...calling out the press is not entirely unheard of. Obama scolded reporters for doing things he didn't approve of; Nixon obsessed about the hostile liberal press. What's different about Trump is how happy he is to personalize his battles, to roll up his sleeves and jump into the fight while on live TV.

Un-presidential? Yes. Unpopular? I suspect not. The media has to accept that popular attitudes towards journalism have shifted according to partisan bias, and there are a lot of conservatives nowadays who disbelieve unfavorable reporting of Trump simply because they don't trust its source.

I suspect Tim Stanley's attitude is coloured by growing up in a rougher journalistic school than that of the US.

When was the last time that the US, or Canada for that matter, had a proper knock-down, drag-out newspaper war?
Over, Under, Around or Through.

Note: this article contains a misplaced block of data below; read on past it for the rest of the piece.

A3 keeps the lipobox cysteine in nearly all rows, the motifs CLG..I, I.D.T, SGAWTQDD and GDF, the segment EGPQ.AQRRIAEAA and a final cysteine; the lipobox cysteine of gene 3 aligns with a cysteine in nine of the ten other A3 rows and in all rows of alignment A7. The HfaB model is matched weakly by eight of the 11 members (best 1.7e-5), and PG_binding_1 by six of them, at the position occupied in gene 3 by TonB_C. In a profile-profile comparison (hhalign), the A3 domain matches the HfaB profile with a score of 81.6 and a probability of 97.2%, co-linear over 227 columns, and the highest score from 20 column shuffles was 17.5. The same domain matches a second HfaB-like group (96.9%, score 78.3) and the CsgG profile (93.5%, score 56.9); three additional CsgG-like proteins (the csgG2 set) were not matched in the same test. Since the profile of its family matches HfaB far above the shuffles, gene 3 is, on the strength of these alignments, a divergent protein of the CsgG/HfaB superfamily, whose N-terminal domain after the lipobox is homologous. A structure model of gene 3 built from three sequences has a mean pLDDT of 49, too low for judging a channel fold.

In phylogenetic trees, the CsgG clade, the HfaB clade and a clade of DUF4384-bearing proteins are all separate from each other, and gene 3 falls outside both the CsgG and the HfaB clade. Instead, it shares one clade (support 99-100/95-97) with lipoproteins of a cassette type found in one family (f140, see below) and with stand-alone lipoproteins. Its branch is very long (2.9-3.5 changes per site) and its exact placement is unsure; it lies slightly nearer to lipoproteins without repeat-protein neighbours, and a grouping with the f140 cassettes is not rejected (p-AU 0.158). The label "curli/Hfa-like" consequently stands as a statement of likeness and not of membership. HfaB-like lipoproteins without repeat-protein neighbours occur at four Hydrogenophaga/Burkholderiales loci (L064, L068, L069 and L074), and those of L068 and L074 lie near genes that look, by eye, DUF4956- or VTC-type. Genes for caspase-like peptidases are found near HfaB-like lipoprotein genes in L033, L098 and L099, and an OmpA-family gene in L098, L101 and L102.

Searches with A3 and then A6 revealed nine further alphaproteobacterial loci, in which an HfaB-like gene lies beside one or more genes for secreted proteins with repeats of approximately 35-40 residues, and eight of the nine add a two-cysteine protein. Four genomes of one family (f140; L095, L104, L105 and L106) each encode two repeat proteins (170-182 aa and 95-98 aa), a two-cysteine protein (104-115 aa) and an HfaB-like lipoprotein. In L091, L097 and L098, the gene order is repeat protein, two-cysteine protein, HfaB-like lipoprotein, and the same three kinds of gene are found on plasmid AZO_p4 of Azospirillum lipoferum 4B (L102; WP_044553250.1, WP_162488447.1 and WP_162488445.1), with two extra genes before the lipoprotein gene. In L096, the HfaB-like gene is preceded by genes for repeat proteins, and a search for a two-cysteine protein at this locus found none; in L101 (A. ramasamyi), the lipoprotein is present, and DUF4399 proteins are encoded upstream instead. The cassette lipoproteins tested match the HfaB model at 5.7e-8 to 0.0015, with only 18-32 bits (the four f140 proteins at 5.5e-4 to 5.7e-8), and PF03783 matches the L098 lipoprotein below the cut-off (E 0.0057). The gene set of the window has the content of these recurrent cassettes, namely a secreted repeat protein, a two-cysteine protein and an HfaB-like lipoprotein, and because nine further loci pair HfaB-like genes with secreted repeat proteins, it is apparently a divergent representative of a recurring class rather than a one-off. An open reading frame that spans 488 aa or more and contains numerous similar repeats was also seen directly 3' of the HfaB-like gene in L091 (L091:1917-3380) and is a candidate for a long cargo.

Anticipating the triumph of Thomas Reid.

"One thing that being a scientist has taught me is that you can never be certain about anything. You never know the truth. You can only approach it and hope to get a bit nearer to it each time. You iterate towards the truth. You don’t know it.”  - James Lovelock

Conservative, n. A statesman who is enamored of existing evils, as distinguished from the Liberal, who wishes to replace them with others. [Ambrose Bierce, 1911]

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Re: The Power of "The Press"
« Reply #45 on: January 12, 2017, 19:05:14 »
When was the last time that the US, or Canada for that matter, had a proper knock-down, drag-out newspaper war?
Good question ...
“Most great military blunders stem from the good intentions of some high-ranking buffoon ...” – George MacDonald Fraser, "The Sheik and the Dustbin"

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Re: The Power of "The Press"
« Reply #46 on: January 12, 2017, 19:59:40 »
Much of the "power" that the "News" used to have was due to the limited access to competing sources of information. However it is easier to get information from different sources, either from different places (you can now click onto newspapers from the United States, Canada, the UK and anywhere else), as well as a multitude of non traditional sources.